Left Field/Right Field
Fred Lewis didn’t spend all of 2010 with the Jays, but he was a fairly regular member of the OF corners when he got into Toronto. Jose Bautista will presumable leave the OF for the hot corner, but his bat is staying in the lineup. Therefore, the result is that Travis Snider will continue to be part of the OF corner options, along with newcomer Rajai Davis who the Jays traded for in return for 2 highly ranked relievers. The added youth and speed in the OF should help the Jays cover more ground and help out the pitchers as a result.
- No changes. Vernon Wells returned to form in 2010 and finally kept himself healthy all season long. I think it’s safe to assume that another healthy season would result in a 23-33 HR and 80-100 RBI season. That’s a good enough result to continue to help the Jays win and more than most teams get from their centre fielder. If Vernon does break down or has a nagging lower body injury, look for Davis to take over CF duties, yet another reason he was an important pick up for the 2011 Blue Jays.
Edwin Encarnacion will have a whole lot of fun being a full time 1B/DH. I predict a 30+ HR 80+ RBI season with a much better average and OBP than he provided in 2010. Sure, call me crazy, but get back to me when the season’s over and let me know how I did as well!
When we sum up all of the changes, it adds up to the following lineup:
- Rajai Davis, LF (adds to speed, better average, and better OBP numbers than the Lewis/Snider combo)
- Yunel Escobar, SS (adds much better OBP, hits, and runs)
- Jose Bautista, 3B (a huge improvement over Encarnacion, will have to face major adjustments)
- Vernon Wells, CF (should replicate ’10 numbers)
- Adam Lind, 1B (should improve on ’10 numbers)
- Aaron Hill, 2B (has some work to do in terms of avg and OBP, but the power is still there)
- Edwin Encarnacion, DH (can you remember who DH’d in ’10? Sure, it was Lind, but he did zip so Edwin will improve on that big time in ’11)
- Travis Snider, RF (The Franchise is ready to make his claim)
- J. P. Arencibia, C (adds power, better average and OBP, better SLG, and more RBIs. Will prove critics wrong)
Other possible impact additions (internally) during the ’11 season:
- Brett Lawrie – He could do well to get a full season of AA or AAA under his belt, but the Jays may be tempted to bring him up if he does well during the 1st half of the season. He’s the best impact bat the Jays have had in the minors since Travis Snider and could fit in at numerous positions, allowing him to play a super-utility role until the Jays decide on where he should play long term. Talk about nice insurance for the big club!
- Corey Patterson – He could earn himself a bench spot to start the season and would bring a lot of experience – not to mention the ability to play all 3 OF positions – along with him. It all depends on how well he kicks things off in ’11.
- Adeiny Hechavarria – His D is ready for MLB action, so if he gets the bat going before the all-star break, I don’t expect the Jays to be shy about pushing him to The Show. Which of Yunel Escobar or Aaron Hill would shift to 3B is unknown right now, but we know that Hill is comfortable with the move should it come to that.
- Eric Thames– With his power, there’s no doubt that he fits the Jays mojo of ’10, but I’m not certain John Farrell will allow the same free-swinging mentality. He progressed so much in ’10 that a look in September could be in the cards, or earlier if injuries warrant it.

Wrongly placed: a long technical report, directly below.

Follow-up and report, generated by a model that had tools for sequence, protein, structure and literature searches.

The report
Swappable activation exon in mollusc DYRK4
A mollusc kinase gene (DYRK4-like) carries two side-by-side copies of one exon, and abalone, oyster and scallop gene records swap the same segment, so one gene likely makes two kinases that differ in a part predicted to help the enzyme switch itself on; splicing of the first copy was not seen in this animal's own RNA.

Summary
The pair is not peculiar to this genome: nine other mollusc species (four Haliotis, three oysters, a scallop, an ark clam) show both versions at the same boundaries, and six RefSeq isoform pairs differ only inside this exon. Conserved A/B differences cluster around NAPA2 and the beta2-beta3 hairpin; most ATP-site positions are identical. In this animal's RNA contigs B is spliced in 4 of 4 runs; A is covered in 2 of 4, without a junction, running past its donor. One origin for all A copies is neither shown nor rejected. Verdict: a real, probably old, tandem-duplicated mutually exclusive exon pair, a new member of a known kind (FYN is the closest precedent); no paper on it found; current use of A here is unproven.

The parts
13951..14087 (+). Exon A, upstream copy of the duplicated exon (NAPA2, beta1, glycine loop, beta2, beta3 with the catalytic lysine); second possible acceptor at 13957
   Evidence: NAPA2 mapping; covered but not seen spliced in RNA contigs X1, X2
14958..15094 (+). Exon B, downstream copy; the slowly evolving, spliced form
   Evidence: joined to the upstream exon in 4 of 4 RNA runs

- Darin Mastroianni – If Rajai Davis flops or gets injured, I expect to see Darin’s name in the Jays lineup. It’s time that this OBP and speed machine gets a chance to prove himself at the highest level after a good amount of seasoning.
- Brian Jeroloman – I would be surprised to not see Brian in a Jays uniform at some point in ’10. Not only has he caught Kyle Drabek and Zach Stewart before, but he’s the heir apparent to Jose Molina, a player I believe the Jays may move before the trade deadline to a defensive catcher hungry team (if the Jays are out of contention that is). While his bat doesn’t compare to JP’s, it could be an upgrade over Jose’s.
The remainder of the prospects would be a lot less likely to make it to The Show, but Travis d’Arnaud, Moises Sierra, and Adam Loewen are the next names on the list that could take a peak at the majors if circumstances were dire.
I don’t think that opposing pitchers can come out and say it outright, but I think they hate to face the Jays who can make them look foolish on any given pitch due to their power throughout the lineup. The Jays lineup is a formidable one now that Jose Bautistahas established himself as a true power and it now includes much better OBP threats that should result in more multi-run extra base hits, something that lacked severely in 2010. They now have some speed to work with, a couple of young guns set to take off (Arencibia – Snider), and a few underachievers from ’10 (Hill-Lind) who should rebound if they make the right adjustments. With this group of masher and the new thief, there’s no doubt in my mind that the Jays offensive rankings listed above will improve quite a bit and will result in more wins if the pitching holds us its end of the equation.
I can’t honestly say that I believe this is the lineup that will take the Jays directly to the world series, but, stranger things have happened. The Giants had a much weaker lineup, and look where they wound up. I know the Jays lack the top-end pitching that SF has in the rotation and in the pen, but if all that I listed above comes out as expected, the Jays could do some serious damage offensively.I would say that the support ready to come up and support the current lineup is much better than it was in ’10 and that it should help add some consistency to the offense that was lacking in ’10.
Whether or not that results in a push for a playoff spot is a question for another day, but I’m not as discouraged with the makeup of the Jays lineup as some people currently are. I think that off season expectations to make big additions were coming from good intentions, but that sometimes a simple tweak is better when you know you have some real talent pushing through the minors.